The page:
Monday, February 14, 2011

Philip Roth’s Nemesis: The Way We Live, Then and Now

Author Philip Roth.

Is Philip Roth’s America’s greatest living novelist? He's certainly one of them. Although there are other contenders for that title, including Richard Ford and Richard Price, without question, I'd argue that Roth is the U.S’s most significant writer. He has created an ambitious body of work that, as he enters his late 70s, seems determined to lay bare all the significant eddies and flows of American history in the years since his birth in 1933. His latest novel Nemesis (Penguin, 2010) continues in that incisive vein, revisiting a little remembered slice of American life: the devastating polio epidemics of the 1930s and 40s.

The fourth and final book in a series called Nemeses: Short Novels; Nemesis is, as indicated, a short novel (280 pages) but it's not a slight one. Having read only one of the other three books in that series, Indignation (2008), I can safely say that their themes are what occurs when bad things happen to good people. Roth, however, doesn’t examine that idea in a trite or obvious way but in such a manner that you’ll ponder the disturbing vicissitudes of fate and the supposed existence of a god who allows horrible events to happen to innocent people. That, at least, is the thinking of one Eugene Cantor, better known as Bucky, an athletic 23 year old, who in 1944 is a playground director in Newark, New Jersey (not coincidentally Roth’s birthplace, too).

Because of his weak eyesight, Bucky has been deemed ineligible for combat during World War Two, a state of affairs which troubles him deeply. He’s determined, though, to do right by his young charges, and teach them lessons in good health and fitness. That goal, however, is impacted when some of Newark’s young teenagers come down with polio, with two of them dying of the disease. (The disease is not always fatal, but it often cripples or maims those who get it.) A panicked Bucky now has to weigh his options; does he stay put in Newark out of responsibility and risk getting polio himself or listen to the increasingly desperate entreaties of his loving girlfriend, Marcia, and take up a post in a Jewish summer camp in rural Pennsylvania, far away from the disease that is laying waste to his city? His decision will play out in an unpredictably tragic manner.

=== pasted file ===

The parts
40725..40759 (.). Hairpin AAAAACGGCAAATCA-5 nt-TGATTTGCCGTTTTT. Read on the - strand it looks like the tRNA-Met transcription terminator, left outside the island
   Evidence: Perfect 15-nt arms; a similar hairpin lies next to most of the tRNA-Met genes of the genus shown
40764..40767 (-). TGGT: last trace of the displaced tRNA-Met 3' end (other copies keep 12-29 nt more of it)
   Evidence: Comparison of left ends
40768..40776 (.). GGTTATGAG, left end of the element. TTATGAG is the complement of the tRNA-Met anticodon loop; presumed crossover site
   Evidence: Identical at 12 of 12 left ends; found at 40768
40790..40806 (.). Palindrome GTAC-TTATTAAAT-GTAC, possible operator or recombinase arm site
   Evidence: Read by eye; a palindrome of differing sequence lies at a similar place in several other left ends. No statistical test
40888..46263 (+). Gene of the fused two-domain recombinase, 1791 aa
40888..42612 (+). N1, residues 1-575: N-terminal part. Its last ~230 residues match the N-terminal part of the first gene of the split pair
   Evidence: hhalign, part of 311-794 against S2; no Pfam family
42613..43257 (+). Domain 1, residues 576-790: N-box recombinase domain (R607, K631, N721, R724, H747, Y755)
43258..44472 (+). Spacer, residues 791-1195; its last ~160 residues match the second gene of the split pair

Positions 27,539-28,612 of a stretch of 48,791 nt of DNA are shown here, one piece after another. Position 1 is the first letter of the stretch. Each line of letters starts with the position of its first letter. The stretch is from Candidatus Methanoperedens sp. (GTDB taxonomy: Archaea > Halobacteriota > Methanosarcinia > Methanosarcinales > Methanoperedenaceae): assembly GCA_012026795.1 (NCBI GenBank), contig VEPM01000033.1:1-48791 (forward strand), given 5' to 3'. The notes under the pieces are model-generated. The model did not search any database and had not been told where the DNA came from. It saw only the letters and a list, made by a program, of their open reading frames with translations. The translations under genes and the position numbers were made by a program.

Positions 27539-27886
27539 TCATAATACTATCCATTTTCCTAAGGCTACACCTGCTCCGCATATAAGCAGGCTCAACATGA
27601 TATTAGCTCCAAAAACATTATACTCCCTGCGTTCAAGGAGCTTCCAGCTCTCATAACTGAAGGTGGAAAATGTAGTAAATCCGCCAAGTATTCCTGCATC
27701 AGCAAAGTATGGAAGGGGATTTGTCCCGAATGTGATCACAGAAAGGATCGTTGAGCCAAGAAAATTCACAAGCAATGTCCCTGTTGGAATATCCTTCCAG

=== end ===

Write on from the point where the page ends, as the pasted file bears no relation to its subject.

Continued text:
Roth’s brilliance is in how indelible his writing is, be it in his depiction of Bucky’s courageously standing up to a group of Italian anti-Semites who want to ‘share’ their polio with the then unaffected Jews of Newark, or his delineation of the rampant and free-floating general fears and superstitions about polio itself. Even though it had afflicted their President, Franklin Roosevelt, polio, in 1944, was still an incurable and little understood illness. Nemesis takes that ignorance and inextricably ties it into Bucky’s problematic persona, that of a decent but self lacerating man who, in the end, is his own worst enemy. The dénouement of what finally happens to Bucky – I'm not giving anything away here in terms of plot spoilers – revealed in the book’s third and final section, is heartbreaking and unforgettable. And while Roth never pushes the comparisons to modern day events, the issues surrounding the understanding of polio, how you get it, why certain people get it and others don’t, aren’t all that different from what transpired during the AIDS epidemic a few decades later.